Tachycardia is a heart rate that’s faster than normal, or more than 100 beats per minute at rest. It can start in your upper or lower chambers of your heart and can range from mild to life-threatening. Treatments include medicines, an ablation procedure and implantable cardioverter defibrillator (ICD) placement.
When you have tachycardia, your heart beats faster than normal for a few seconds to a few hours. Normally, your heart rate is 60 to 100 beats per minute when you’re not active. When your heart beats more than 100 times a minute at rest, that’s tachycardia.
Because your heart beats too often, it doesn’t have the time it needs to fill with blood between beats. This can be dangerous if your heart can’t supply all of your cells with the blood and oxygen they need.
Your heart normally responds to electrical signals from your heart’s sinoatrial (SA) node. These signals control how often your heart beats. When you’ve had a scare or are very emotional or anxious, or are exercising, your heart may send signals more frequently for a short time. This is called sinus tachycardia and goes away when you calm down or rest.
Other types of tachycardia can come back regularly and can be more serious.
These begin in the atria, or upper chambers of your heart, when you have an issue with electrical signals there.
These begin in your ventricles, your heart’s lower chambers, when you have an electrical signal issue in that area.
Atrial or supraventricular tachycardia can affect:
Ventricular tachycardia or fibrillation can affect:
About 2 million Americans have atrial fibrillation and 90,000 others per year get a supraventricular tachycardia diagnosis. Each year, an estimated 184,000 to 450,000 Americans die from ventricular arrhythmias that cause sudden cardiac death.
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Some people don’t have tachycardia symptoms, while others may have mild to severe symptoms. Tachycardia symptoms may include:
Yes. Without treatment, certain types of tachycardia can lead to:
Tachycardia has a number of causes, including:
Your healthcare provider will ask for your medical history and do a physical exam. They may also order tests.
Your healthcare provider can use several tests to diagnose tachycardia, including:
Treatments vary depending on the type of tachycardia.
Atrial or supraventricular tachycardia treatments
Paroxysmal supraventricular tachycardia (PSVT) treatments
Ventricular tachycardia or fibrillation treatments
Your healthcare provider may tell you to cut down on your caffeine or alcohol intake if you have tachycardia.
Your healthcare provider may prescribe tachycardia medicines, including:
After an ablation, you may have swelling, bruising or redness where your healthcare provider inserted a catheter for the procedure. Other risks include:
After you get an ICD, there’s a risk of:
Follow your healthcare provider’s instructions for taking your medicines and decreasing your intake of alcohol and caffeine.
You can reduce your risk of tachycardia in the following ways:
Limit or avoid alcohol, smoking and caffeine. Talk to your healthcare provider before taking herbal supplements. All of these can trigger tachycardia. Taking care of your heart issues or finding alternatives to medicines that cause a problem can help you prevent some forms of tachycardia.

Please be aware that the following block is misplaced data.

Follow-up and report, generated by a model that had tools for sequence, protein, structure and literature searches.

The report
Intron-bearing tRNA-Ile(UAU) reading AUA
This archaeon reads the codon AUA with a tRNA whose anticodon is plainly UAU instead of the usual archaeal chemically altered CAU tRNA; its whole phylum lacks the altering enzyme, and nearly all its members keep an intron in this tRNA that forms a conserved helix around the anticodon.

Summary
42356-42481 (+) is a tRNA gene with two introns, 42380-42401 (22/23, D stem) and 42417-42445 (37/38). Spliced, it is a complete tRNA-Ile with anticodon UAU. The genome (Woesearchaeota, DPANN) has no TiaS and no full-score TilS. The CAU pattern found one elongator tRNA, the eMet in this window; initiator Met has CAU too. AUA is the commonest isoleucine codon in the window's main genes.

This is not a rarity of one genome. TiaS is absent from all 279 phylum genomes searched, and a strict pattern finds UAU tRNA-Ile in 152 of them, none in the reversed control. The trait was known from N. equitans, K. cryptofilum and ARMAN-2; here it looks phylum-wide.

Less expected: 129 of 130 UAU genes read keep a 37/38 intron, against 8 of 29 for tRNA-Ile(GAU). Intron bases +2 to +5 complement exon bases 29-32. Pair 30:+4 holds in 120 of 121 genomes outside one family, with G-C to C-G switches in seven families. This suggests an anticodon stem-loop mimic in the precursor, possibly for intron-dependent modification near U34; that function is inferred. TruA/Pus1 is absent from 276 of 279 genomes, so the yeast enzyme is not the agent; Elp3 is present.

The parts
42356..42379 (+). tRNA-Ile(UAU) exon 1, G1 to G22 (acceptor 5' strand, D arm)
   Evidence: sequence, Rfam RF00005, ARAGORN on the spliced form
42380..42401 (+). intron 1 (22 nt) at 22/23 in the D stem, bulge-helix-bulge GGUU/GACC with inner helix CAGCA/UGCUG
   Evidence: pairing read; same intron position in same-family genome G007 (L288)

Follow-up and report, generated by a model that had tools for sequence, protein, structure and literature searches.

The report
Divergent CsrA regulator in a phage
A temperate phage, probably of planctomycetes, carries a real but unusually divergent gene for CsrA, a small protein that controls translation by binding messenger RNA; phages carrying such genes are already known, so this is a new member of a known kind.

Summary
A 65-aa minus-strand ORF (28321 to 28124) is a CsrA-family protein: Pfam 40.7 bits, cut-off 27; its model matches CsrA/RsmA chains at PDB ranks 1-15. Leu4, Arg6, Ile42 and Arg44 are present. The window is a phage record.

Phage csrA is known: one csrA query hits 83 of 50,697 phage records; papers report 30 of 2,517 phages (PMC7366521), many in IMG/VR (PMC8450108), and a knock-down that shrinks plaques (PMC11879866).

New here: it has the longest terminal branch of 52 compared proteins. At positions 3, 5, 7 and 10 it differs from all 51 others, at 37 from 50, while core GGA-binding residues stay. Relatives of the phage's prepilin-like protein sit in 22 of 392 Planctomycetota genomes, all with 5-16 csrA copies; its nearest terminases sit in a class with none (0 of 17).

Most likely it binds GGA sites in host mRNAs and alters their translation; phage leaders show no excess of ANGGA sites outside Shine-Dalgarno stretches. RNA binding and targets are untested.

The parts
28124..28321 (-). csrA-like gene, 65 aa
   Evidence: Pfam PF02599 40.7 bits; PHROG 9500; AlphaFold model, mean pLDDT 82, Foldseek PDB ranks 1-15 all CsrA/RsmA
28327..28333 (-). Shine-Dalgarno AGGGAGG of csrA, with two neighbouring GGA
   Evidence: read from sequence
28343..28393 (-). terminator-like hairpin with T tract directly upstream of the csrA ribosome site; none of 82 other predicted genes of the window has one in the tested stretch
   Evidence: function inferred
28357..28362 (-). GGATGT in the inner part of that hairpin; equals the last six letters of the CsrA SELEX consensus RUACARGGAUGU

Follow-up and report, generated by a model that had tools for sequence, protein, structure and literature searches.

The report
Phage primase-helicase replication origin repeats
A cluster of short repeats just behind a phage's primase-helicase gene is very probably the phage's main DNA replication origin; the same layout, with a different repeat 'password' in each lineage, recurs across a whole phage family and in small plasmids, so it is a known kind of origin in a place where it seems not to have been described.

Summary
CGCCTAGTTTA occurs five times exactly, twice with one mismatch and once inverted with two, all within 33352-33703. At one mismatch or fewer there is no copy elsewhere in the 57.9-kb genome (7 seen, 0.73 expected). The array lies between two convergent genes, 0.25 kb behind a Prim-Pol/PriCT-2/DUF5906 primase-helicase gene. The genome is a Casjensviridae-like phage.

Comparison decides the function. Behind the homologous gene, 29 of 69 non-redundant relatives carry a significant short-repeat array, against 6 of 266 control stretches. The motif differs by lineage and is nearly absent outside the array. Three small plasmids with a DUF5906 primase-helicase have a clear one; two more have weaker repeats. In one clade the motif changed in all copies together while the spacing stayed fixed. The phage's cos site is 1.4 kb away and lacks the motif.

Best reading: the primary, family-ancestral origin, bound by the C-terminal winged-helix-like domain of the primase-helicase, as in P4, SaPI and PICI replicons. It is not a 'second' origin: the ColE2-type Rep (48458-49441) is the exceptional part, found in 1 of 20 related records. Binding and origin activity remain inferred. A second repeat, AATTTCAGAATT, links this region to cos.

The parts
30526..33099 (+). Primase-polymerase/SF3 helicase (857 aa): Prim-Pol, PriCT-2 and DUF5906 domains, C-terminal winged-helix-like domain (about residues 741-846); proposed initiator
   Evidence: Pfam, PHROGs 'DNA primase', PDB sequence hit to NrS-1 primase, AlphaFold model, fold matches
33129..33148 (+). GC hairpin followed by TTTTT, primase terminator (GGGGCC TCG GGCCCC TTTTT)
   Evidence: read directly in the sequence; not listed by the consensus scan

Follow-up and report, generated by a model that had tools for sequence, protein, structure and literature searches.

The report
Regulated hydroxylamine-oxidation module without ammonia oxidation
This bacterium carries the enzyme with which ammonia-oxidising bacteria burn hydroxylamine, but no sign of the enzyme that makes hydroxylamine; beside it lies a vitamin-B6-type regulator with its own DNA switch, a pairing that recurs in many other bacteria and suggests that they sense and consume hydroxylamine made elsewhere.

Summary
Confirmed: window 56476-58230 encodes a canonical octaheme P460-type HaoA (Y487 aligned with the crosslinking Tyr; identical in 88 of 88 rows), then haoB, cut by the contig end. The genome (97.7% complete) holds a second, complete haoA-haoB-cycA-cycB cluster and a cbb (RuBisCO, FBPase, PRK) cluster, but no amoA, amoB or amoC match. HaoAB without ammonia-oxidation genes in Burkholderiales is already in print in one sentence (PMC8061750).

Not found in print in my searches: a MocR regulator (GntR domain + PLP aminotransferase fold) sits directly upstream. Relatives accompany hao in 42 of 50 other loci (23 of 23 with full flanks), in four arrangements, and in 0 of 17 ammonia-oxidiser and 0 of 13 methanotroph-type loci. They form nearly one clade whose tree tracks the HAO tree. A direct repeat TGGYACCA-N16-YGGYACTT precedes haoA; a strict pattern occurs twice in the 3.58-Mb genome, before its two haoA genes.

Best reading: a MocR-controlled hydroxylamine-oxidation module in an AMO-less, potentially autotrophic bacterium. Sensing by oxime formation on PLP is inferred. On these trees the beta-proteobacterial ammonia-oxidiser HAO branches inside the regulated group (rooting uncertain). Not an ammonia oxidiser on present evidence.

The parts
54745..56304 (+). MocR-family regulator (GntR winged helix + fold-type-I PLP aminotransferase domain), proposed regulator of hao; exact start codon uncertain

Depending on which type of tachycardia you have, you may have harmless symptoms, very dangerous symptoms (from ventricular tachycardia or fibrillation) or something in between. Medicines and other treatments can help you manage your symptoms.
You may need to wear a Holter monitor or do electrophysiology testing to see how well your medicine is working.
Tachycardia that puts you in danger doesn’t go away on its own. You’ll need to live a healthy lifestyle and take medicines to manage it. You may also need to have a procedure, such as an ablation, to help you manage it.
Although medications can’t cure tachycardia, they can help you regulate it. Ablation may be a long-term solution to certain types of tachycardia. Ventricular fibrillation can be fatal without immediate treatment.
Keep taking the medicines your healthcare provider prescribed and be sure to go to all follow-up appointments.
Contact your provider if your medicine isn’t helping you as much anymore or if you start having new symptoms.
Get help right away if you feel your heart pounding, have chest pain or if you’re fainting or getting dizzy. You should also get help immediately for someone who collapses or is unconscious from ventricular fibrillation. They’ll need CPR to survive until paramedics arrive.
Yes, tachycardia is a kind of arrhythmia in which your heart rate is much faster than normal. Bradycardia is another kind of arrhythmia in which your heart rate is not fast enough.
Yes, some types of tachycardia are dangerous, especially ventricular fibrillation. Some tachycardias are mild, and others cause issues that are moderately dangerous.
If you have sinus tachycardia, your symptoms will go away once the fear, anxiety or other emotion that caused it ends. For most other types of tachycardia, you’ll need medication or even a procedure to keep your symptoms from coming back.
A note from Cleveland Clinic
Tachycardia symptoms can range from mild to severe, depending on which type of tachycardia you have. For peace of mind, talk to your healthcare provider if you’re having symptoms. They can tell you if you have a reason to be concerned. Keep taking the medicines your provider prescribed for you, especially heart medicines. Don’t stop taking them without your healthcare provider’s approval. And be sure to keep going to all of your follow-up appointments.
Last reviewed by a Cleveland Clinic medical professional on 10/03/2022.
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